By the Spring of 1949 a number of commercially produced TV’s came off the production line and for the first time the demand locally for sets was met. Hansons on Lower Parade advertised an HMV television for 36 guineas (plus tax)(£37.80). The following month Parsons & Hodges ran their advert for Pye televisions and Curry’s ran a full page ad in the Courier offering sets on ‘easy terms’ which was I imagine some form of hire purchase arrangement. Interestingly the editor of the Courier drew attention to the fact that this was the first full-page ad that the paper had run since the start of the Second World War after which newsprint had become increasingly difficult to obtain. The Courier also ran adverts from a London based company named View Master who for an outlay of five shillings (25 pence) would send you a 36 page booklet and full plans which would enable you to construct your own TV set ‘as easy as ABC’.
Experimental transmissions in the Midlands began in August 1949 when the BBC sent out test signals from a mobile pilot transmitter in Frankley Beeches in Worcestershire. The Leamington Courier (19 August 1949) reported that a Leamington radio dealer Mr K Jones had picked up the test signals at his showroom on a £170 set using the ‘H’ type aerial. Many of the older generation will still remember the K J Radio company owned by Ken Jones whose shop was on the corner of High Street and Church Street in Leamington.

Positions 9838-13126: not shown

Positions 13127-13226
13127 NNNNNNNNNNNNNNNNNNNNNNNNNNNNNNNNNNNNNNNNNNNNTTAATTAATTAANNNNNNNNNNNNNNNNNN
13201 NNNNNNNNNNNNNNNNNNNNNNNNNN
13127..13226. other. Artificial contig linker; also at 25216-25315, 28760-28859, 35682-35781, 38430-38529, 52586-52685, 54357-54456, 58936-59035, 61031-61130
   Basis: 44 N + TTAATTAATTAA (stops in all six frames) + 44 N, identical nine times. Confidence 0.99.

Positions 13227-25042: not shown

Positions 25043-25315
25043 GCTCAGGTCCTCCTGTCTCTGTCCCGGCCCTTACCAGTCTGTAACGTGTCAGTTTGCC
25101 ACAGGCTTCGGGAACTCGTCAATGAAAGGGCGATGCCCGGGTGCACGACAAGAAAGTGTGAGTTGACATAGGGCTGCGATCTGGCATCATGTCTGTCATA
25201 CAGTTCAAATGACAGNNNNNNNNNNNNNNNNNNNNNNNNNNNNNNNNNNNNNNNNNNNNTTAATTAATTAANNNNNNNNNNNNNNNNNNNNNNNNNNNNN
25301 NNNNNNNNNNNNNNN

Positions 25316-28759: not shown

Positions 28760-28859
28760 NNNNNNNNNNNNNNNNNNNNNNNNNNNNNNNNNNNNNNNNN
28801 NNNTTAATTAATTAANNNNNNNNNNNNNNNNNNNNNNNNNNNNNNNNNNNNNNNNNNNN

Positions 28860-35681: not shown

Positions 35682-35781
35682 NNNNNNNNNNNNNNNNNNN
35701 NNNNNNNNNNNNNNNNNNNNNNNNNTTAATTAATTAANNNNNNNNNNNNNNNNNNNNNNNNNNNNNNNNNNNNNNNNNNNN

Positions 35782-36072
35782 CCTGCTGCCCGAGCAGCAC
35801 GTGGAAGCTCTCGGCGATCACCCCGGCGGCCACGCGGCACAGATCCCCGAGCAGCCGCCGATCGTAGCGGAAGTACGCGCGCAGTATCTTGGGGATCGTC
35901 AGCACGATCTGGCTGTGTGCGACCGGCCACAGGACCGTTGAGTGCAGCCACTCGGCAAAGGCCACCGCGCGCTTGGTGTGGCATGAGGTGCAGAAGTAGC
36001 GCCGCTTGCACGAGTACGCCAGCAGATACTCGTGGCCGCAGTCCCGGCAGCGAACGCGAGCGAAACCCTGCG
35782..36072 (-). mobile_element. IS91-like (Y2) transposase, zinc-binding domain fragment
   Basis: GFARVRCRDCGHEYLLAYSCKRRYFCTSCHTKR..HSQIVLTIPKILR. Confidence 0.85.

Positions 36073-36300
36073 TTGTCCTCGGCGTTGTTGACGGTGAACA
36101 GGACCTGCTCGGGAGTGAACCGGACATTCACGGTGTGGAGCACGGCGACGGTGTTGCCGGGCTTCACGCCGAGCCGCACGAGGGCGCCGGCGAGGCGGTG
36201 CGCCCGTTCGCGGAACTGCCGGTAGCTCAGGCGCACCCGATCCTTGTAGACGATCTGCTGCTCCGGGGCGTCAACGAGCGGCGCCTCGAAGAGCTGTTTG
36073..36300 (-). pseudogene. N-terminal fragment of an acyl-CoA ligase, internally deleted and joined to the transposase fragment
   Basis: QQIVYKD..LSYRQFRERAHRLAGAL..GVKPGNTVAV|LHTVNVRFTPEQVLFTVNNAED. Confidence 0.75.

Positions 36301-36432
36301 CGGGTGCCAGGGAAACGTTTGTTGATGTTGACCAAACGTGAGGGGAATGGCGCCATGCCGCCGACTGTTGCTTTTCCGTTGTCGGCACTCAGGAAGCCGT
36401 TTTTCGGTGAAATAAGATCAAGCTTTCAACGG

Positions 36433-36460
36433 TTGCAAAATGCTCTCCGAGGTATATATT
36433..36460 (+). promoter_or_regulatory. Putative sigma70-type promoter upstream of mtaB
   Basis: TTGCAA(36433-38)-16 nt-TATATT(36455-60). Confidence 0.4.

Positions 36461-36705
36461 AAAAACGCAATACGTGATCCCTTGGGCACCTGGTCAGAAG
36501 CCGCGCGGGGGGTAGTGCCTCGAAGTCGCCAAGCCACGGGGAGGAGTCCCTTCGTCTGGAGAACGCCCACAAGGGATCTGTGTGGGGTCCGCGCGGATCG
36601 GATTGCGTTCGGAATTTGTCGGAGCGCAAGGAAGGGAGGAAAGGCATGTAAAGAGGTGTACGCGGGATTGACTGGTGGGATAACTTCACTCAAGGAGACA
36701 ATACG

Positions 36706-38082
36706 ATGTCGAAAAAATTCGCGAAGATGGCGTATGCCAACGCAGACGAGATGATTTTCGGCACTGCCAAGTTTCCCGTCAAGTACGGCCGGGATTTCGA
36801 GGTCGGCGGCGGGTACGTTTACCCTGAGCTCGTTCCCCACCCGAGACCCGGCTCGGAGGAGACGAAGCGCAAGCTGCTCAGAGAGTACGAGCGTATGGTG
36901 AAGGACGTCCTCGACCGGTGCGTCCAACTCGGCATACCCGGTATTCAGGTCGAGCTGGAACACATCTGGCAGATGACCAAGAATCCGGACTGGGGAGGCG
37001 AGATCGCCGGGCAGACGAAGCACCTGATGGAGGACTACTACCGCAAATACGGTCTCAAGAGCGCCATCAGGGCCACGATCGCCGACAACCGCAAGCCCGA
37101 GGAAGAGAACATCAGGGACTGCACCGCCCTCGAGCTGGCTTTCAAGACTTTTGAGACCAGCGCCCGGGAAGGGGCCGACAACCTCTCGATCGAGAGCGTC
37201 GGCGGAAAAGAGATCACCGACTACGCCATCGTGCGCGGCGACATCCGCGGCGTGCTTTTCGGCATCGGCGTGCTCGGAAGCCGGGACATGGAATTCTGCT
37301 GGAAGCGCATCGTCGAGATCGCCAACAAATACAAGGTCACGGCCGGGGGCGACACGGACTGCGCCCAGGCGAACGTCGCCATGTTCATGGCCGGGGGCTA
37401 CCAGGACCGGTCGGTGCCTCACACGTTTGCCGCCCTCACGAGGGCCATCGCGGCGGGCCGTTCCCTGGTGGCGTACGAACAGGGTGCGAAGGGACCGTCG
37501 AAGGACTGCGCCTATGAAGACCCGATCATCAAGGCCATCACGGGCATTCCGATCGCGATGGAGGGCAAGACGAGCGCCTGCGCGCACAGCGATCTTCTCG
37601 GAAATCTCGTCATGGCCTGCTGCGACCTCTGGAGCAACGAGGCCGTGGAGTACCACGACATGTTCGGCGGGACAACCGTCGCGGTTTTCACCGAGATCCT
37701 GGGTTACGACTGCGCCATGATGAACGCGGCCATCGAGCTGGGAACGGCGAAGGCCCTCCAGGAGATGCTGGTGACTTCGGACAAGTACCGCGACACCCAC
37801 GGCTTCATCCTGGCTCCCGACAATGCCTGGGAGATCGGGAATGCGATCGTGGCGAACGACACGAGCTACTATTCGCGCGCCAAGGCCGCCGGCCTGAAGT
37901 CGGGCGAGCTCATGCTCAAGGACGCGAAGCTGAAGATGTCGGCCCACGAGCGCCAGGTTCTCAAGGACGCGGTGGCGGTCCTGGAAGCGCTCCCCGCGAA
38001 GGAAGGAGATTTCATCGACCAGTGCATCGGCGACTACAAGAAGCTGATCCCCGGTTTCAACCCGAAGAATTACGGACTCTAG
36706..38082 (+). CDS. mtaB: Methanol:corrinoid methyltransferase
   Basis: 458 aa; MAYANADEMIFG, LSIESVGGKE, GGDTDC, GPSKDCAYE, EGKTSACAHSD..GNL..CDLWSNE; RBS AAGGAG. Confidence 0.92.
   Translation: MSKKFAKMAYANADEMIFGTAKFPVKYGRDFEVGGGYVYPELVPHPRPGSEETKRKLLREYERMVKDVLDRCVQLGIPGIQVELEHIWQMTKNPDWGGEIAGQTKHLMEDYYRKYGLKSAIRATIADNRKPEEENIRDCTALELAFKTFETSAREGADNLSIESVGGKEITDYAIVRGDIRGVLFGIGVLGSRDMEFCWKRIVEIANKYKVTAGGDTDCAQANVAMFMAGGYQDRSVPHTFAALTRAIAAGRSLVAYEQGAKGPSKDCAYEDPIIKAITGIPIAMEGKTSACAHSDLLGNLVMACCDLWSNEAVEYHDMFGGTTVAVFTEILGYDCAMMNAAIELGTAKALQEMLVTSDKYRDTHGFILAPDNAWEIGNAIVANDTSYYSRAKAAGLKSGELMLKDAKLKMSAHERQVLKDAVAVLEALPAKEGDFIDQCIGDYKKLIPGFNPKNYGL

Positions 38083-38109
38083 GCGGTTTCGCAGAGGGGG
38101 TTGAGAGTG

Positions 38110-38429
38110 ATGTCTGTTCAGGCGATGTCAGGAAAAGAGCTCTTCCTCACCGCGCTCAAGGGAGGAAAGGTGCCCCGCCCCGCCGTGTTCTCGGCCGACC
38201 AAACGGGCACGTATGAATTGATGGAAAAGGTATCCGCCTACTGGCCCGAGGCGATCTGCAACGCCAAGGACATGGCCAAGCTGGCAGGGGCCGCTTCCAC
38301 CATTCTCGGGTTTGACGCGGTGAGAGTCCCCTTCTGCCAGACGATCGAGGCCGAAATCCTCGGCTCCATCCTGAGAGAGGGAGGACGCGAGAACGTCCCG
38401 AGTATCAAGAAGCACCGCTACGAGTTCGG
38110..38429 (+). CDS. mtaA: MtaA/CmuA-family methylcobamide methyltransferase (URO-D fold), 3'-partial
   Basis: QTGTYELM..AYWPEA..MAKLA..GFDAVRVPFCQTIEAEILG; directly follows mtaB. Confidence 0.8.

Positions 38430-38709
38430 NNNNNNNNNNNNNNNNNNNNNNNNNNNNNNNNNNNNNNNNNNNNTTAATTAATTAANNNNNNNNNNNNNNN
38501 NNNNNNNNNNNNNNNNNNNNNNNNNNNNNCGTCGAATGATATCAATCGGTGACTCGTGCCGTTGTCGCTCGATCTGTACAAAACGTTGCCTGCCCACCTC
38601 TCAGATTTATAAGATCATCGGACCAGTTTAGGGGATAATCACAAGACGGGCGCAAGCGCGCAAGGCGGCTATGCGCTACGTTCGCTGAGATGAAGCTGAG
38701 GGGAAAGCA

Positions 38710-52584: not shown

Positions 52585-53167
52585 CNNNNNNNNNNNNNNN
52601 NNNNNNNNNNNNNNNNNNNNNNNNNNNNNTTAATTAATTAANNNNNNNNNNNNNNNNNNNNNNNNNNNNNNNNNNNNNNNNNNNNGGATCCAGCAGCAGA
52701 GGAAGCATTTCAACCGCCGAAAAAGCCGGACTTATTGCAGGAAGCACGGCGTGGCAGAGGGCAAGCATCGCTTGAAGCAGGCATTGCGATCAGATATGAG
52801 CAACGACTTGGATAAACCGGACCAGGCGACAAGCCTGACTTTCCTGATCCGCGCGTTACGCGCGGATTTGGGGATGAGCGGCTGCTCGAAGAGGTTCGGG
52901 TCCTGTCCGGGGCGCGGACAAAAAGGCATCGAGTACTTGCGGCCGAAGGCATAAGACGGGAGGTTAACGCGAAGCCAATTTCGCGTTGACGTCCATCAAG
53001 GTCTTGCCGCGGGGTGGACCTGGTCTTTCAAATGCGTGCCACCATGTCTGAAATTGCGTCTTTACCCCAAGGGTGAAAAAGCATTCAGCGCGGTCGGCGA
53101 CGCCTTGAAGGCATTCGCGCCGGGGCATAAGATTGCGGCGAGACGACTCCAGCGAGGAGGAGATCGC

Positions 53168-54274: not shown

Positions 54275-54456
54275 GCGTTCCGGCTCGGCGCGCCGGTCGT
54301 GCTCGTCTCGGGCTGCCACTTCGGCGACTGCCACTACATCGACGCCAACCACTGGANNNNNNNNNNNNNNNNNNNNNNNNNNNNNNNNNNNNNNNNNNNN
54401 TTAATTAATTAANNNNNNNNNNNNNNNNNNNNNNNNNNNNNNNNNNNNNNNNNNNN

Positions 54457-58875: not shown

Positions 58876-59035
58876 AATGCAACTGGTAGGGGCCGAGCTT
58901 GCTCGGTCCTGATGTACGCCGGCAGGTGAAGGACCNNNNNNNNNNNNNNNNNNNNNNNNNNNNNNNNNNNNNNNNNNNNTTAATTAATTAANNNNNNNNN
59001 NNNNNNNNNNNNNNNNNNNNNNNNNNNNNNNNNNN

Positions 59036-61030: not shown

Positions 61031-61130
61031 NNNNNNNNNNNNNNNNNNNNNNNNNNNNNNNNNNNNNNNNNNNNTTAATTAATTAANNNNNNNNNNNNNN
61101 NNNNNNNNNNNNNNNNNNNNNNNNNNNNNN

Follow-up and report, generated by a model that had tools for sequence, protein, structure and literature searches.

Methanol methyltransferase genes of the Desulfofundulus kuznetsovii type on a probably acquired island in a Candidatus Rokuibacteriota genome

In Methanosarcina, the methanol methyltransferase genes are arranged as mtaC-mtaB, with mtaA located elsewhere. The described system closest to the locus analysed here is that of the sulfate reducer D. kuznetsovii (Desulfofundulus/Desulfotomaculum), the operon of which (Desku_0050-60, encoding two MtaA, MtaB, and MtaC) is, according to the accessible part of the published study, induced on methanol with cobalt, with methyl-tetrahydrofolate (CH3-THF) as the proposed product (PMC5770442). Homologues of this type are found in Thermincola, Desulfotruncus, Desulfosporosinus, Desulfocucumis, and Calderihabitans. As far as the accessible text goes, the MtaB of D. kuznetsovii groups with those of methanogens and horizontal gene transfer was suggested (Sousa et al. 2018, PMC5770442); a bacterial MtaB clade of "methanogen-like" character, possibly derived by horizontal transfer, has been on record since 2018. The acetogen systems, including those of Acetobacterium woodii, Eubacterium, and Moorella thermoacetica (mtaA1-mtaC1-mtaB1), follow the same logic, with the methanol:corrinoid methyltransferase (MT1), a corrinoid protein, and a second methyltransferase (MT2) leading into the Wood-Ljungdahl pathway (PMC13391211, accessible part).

The Courier also reported that four licences had been taken out in the district at a cost of £2 for a combined wireless/TV licence. Just before Christmas 1949 the BBC began transmissions from the newly-erected transmitter at Sutton Coldfield which was at that date the most powerful in the world. In this area, there was no scramble to take out TV licences and in Leamington only 66 licences had been purchased from the Post Office – Stratford had just 19 sets by the end of 1949.Nationally,in August 1948 the number of TV licences taken out was about 61,000 but in the following year the public’s caution about buying new receivers had faded and by the end of 1949 over 90,000 licences had been issued nationally. There was in any event considerable opposition to the requirement to have to purchase a licence before owning or using a TV set. The Mayor of Leamington Alderman Bill Wallsgrove told the Courier that he wouldn’t be getting a television as they already had a radio which was switched on all day and they didn’t even listen to that. “A TV set would need concentration and our time is always occupied” said Bill. In the Autumn of 1949, Mrs Gardner of the Stockton Womens Institute became one of the first local people to appear on live TV when she was interviewed by Raymond Glendenning at the Royal Show for a twice weekly magazine programme titled ‘Picture Parade’.